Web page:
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UCP, Glycolysis, and the Krebs Cycle

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UCP, Glycolysis, and the Krebs Cycle

Postby cottonmaker » Tue May 11, 2010 10:52 pm

Hi Guys,

So while I was trying to writing a paper, I stumbled into a question that I simply could not figure out. My internet searches yielded no results, nor did my Bio-Major friends. I was hoping one of you guys could help me figure this out. It goes like this:

What is meant by “uncoupled oxidative phosphorylation”? What would happen to the rate of glycolysis and the Kreb’s Cycle if uncoupling compounds were found in the mitochondria? Why?


Thanks a bunch!
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Postby plasmodesmata11 » Wed May 12, 2010 2:52 am

as in uncoupling the electron transport chain? This is used to create excess heat. Instead of making more ATP, the excess energy generates heat. Skunk cabbages use this to melt snow around them to take a place in their niche. Look it up if that's what you meant... if not, sorry :P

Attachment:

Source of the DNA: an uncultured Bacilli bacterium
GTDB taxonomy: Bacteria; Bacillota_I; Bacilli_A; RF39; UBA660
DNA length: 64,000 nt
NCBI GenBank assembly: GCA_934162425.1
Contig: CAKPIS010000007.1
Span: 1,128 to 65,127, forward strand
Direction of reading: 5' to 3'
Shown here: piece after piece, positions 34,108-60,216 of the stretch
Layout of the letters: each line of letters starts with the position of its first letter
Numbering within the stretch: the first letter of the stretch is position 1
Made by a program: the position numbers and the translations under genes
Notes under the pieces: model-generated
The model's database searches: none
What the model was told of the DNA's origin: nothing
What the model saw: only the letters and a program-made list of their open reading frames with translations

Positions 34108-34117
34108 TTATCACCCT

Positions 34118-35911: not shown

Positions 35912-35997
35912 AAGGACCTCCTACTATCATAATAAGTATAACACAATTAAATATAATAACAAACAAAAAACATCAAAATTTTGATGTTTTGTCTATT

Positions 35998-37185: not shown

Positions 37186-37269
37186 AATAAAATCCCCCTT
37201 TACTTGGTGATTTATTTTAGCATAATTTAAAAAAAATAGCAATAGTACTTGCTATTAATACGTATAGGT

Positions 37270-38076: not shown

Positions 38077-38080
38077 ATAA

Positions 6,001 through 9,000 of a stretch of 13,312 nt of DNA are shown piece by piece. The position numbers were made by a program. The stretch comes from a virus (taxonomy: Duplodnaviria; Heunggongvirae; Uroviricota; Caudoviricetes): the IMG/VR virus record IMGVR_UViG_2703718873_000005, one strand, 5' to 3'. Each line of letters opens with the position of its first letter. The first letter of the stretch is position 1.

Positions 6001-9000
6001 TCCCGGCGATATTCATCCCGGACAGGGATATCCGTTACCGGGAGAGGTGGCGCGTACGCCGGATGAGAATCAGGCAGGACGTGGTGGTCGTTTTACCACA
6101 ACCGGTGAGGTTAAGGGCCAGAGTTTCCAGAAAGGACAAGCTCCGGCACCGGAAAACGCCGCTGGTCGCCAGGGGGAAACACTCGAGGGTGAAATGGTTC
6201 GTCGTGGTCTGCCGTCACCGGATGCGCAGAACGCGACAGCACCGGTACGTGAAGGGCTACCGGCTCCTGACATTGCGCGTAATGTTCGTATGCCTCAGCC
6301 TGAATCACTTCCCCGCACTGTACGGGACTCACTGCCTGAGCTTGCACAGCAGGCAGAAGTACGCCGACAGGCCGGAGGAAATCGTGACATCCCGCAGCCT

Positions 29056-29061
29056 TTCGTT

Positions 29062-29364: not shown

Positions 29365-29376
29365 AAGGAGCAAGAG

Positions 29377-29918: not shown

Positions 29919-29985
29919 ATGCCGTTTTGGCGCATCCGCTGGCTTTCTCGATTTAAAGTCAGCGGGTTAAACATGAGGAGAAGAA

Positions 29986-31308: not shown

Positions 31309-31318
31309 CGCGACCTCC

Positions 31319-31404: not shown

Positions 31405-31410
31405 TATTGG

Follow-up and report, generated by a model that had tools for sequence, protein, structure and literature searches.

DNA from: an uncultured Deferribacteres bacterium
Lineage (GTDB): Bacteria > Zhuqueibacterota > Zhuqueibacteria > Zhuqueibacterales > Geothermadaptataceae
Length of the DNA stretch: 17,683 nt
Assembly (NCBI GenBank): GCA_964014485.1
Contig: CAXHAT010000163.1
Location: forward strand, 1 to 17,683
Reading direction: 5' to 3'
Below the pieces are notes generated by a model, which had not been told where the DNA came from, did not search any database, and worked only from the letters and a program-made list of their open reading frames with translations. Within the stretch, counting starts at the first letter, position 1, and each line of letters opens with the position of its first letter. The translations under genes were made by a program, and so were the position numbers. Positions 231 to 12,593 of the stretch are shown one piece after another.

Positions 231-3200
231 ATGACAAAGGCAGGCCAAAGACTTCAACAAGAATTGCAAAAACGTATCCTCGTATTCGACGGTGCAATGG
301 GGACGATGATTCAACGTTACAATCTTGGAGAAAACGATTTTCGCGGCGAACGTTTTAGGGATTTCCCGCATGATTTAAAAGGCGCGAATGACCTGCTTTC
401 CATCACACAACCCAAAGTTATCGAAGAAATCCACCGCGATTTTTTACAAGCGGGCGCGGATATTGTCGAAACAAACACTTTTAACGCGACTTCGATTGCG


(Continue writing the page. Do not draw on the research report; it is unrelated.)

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Re: UCP, Glycolysis, and the Krebs Cycle

Postby cottonmaker » Wed May 12, 2010 2:58 am

plasmodesmata11: Thanks for the reply.

Let me clarify.. The question begins like this:
"2,4 – Dinitrophenol is a compound that can be used to uncouple the process of oxidative phosphorylation by shuttling protons across biological membranes. There are other compounds, uncoupling proteins (UCPs) that can do the same.

What is meant by “uncoupled oxidative phosphorylation”? What would happen to the rate of glycolysis and the Kreb’s Cycle if uncoupling compounds were found in the mitochondria? Why?"

So, I'm not sure the question pertains to the electron transport chain..
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Postby plasmodesmata11 » Wed May 12, 2010 3:57 am

okay... so the UCPs disrupt the proton gradient. This means less ATP is made because they now flow freely (but in equilibrium) between the two spaces. I would GUESS that glycolysis and krebs would need to increase to make up for the energy deficit. this however, is only a guess. but it makes sense, right?
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Postby JackBean » Wed May 12, 2010 1:40 pm

yeah, uncouplers cause deplenishment of proton gradient, so glycolysis and Kreb's cycle should probably speed up...
http://www.biolib.cz/en/main/

Cis or trans? That's what matters.
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